The woman acquitted of murdering her daughter is served with a subpoena in a civil case
Credit: Red Huber/Orlando Sentinel/Getty

Ten months after she went into hiding, Casey Anthony has been found and now may have to face tough questions under oath in a courtroom.

Investigators have been waiting outside Anthony’s residence in Florida for several days to serve her with a subpoena in a defamation action filed by a woman named Zenaida Gonzalez.

“Our investigation team had her whereabouts pinned down,” says Gonzalez’s attorney, Matt Morgan. “Their backs were against the wall, so her attorneys said that they would accept service on her behalf.”

Gonzalez filed suit over Anthony’s comments in 2008 that a babysitter named Zenaida Gonzalez had kidnapped Anthony’s 2-year-old daughter Caylee, who turned up dead. There was no babysitter by that name, but Gonzalez – who had nothing to do with Anthony – claimed defamation because the two names are the same.

While Anthony has been hiding since her highly publicized acquittal on murder charges, the defamation case has proceeded. A judge finally ordered that Anthony’s attorneys must disclose her whereabouts.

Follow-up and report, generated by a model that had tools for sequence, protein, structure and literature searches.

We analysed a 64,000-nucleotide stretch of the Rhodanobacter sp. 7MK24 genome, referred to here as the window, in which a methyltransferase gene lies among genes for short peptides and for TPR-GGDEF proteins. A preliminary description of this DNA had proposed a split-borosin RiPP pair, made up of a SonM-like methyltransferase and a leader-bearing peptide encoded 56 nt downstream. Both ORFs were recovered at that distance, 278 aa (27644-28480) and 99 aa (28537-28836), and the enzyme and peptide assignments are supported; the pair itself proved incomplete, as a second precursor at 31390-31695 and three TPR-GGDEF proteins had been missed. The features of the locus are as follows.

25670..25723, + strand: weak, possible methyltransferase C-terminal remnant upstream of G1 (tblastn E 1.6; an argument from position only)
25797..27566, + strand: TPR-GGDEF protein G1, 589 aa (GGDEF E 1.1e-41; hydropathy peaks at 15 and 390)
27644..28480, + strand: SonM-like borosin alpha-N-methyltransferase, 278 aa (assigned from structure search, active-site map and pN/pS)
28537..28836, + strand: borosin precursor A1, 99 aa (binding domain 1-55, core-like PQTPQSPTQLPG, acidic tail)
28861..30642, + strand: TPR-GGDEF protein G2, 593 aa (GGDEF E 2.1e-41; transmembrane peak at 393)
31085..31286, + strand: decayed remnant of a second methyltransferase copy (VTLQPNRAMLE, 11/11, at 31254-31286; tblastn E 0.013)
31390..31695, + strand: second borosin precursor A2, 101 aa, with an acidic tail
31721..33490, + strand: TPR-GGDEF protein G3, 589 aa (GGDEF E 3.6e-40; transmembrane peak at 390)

Although Anthony had planned to leave the country after her probation was finished in September, she now will must return to Orlando to face Gonzalez, who wants Anthony do something she never did at the criminal trial: face questions under oath in court about Caylee’s death.

During a deposition, Anthony repeatedly invoked the Fifth Amendment in refusing to answer questions. Now, Anthony is required to appear at trial on Jan. 2.

“Ms. Gonzalez is happy to hear that Casey Anthony finally will be held accountable just like everybody else,” says her attorney.